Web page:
Honolulu preschool closure will worsen early education shortage, advocates say
For nearly four decades, Seagull Schools' Early Education Center has sat on the corner of Beretania and Alapai Streets in downtown Honolulu.
Ryan Okuno is the parent of two children, a 4-year-old and a 1-year-old. His oldest is a student at the preschool.
"In terms of location, it's perfect," he said. "My wife works a block away; we live in town, so it's on the way for me to get to work. The tuition is just right. It's a quality center... you hear nothing but great things about this place."
The Early Education Center was the Okunos' first choice for a preschool. However, demand for a seat at the school is high, and their son was put on a long waitlist. Luckily, they were able to get their son into another nearby preschool.
But spots became available at Seagull Schools during the pandemic — allowing Okuno's son to gain admission to the preschool. For Okuno, he's seen his son flourish in the last two years.
"From just the basics — numbers and letters, being able to composing a sentence, being more independent. You know, at home going to the bathroom on his own. Remembering to wash his hands when he comes in from playing."
Okuno is in the process of enrolling his youngest child at the school.
The preschool opened its doors in 1986, originally created to care for children of City and County of Honolulu employees. It eventually expanded its enrollment qualifications to the general public, providing an essential service to those working for the State of Hawaiʻi, The Queen's Medical Center and the Honolulu Board of Water Supply.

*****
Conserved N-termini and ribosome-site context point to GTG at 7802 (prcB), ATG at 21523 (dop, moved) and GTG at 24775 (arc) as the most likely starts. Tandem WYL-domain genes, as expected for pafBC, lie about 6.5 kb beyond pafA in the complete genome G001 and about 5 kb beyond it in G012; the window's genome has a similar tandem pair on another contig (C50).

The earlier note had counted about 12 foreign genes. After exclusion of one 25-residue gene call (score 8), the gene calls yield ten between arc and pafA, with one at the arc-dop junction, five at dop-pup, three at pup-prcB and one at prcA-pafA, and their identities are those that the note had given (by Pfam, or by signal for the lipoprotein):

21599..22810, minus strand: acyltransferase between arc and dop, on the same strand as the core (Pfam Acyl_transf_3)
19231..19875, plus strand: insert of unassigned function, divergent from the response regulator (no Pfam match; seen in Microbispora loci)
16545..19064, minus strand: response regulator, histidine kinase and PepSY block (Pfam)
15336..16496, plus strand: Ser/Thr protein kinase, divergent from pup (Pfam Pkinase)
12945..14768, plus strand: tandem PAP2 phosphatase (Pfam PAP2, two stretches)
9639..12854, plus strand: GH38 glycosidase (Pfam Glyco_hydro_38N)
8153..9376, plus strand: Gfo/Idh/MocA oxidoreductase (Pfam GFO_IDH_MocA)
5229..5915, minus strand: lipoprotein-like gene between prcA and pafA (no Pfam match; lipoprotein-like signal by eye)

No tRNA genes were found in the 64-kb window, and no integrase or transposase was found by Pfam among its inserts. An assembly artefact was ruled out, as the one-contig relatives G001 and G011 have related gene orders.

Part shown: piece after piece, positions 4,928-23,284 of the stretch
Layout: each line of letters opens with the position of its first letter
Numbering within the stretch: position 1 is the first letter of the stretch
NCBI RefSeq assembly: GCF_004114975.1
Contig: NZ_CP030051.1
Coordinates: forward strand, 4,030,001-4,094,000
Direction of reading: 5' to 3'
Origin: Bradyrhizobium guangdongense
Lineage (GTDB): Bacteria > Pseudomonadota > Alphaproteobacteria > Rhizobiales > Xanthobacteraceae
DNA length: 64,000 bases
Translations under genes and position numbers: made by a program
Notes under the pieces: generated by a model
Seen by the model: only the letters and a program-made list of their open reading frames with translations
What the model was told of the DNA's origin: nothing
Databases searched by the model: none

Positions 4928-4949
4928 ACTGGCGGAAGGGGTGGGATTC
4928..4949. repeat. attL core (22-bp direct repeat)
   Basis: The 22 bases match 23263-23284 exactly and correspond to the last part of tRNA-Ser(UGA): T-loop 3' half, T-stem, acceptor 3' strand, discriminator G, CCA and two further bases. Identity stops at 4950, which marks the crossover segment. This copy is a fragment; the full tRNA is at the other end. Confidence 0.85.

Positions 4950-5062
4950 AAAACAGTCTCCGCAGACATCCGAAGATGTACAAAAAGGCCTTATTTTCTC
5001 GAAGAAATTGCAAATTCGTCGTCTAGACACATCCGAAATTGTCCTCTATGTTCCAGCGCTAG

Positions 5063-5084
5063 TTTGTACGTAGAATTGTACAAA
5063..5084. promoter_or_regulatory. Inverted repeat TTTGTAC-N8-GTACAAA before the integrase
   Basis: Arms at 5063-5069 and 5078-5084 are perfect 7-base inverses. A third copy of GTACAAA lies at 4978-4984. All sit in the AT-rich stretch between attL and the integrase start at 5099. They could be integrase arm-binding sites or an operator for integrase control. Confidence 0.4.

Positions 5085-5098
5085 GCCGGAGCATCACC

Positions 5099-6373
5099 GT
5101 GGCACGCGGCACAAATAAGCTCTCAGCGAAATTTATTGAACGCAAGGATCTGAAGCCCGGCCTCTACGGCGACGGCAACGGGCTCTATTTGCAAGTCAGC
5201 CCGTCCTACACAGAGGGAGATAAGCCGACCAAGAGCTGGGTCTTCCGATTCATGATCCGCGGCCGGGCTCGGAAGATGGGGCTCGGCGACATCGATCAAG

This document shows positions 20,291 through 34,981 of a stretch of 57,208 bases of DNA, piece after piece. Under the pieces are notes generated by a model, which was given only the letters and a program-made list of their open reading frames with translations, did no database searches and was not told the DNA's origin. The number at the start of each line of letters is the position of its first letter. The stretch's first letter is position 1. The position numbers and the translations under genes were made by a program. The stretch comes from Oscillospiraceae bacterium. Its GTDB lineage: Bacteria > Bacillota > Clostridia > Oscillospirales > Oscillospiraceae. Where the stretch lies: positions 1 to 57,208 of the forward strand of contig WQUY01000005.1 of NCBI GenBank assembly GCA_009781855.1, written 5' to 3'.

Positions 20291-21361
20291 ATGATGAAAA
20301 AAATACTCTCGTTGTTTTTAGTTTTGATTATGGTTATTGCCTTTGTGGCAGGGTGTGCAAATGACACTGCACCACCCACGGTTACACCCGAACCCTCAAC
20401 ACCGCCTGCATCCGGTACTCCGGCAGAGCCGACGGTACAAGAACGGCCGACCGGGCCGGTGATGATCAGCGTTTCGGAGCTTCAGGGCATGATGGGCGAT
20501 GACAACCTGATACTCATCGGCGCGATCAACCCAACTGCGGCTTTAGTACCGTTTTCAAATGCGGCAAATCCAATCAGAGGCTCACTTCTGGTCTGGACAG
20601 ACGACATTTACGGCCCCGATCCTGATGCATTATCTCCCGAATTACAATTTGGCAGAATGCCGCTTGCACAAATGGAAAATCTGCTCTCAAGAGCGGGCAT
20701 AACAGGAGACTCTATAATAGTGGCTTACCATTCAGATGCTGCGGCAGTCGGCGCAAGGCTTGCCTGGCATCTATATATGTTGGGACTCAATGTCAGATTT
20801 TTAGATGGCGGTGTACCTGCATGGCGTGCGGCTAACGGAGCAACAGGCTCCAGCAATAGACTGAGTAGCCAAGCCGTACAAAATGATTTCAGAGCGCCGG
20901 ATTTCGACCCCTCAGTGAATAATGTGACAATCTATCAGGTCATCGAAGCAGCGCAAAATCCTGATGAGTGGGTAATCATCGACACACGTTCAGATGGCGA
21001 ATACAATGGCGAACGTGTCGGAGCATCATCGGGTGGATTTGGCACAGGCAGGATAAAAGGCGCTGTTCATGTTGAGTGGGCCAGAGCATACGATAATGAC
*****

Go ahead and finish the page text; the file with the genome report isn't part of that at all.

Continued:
Unlike other preschools, the center has enough room to care for more than 220 students — making it one of the largest preschools on Oʻahu. It is also one of the most affordable at $1,000 a month.
"We know we're about $200-$300 cheaper a month than our counterparts in early education," said Megan McCorriston, CEO of Seagull Schools.
The school is also open for 11 hours a day.
"That's to allow our diverse workforce to come and access our child care services, and enable them to get back to work," McCorriston said.
Earlier this month, the city notified McCorriston the lease at their downtown location would not be renewed, and they would have to vacate the area in August. The city plans to repair the municipal parking lot underneath the school.
When that preschool closes, there may not be enough schools to take in displaced students.
Closure worsens child care shortage
"We don't have enough programs," said Kathleen Algire, director of early learning at the nonprofit Hawaiʻi Children's Action Network. "We don't have enough classes or spaces to serve all the children who have need. And that's been an ongoing issue in the state. We've never had enough."
Algire says the pandemic has worsened the shortage of child care providers in the state. But the closure of the Early Education Center exacerbates the issue.
"We have over 200 children displaced, we have nothing for those kids to be absorbed into . . . At this time, we've only seen a loss of seats," she said. "The market is getting even even more rough for parents to be able to find care. But the desire for care has not changed."
Adding to the competition are also parents who got onto a waitlist when they found out they were having a child.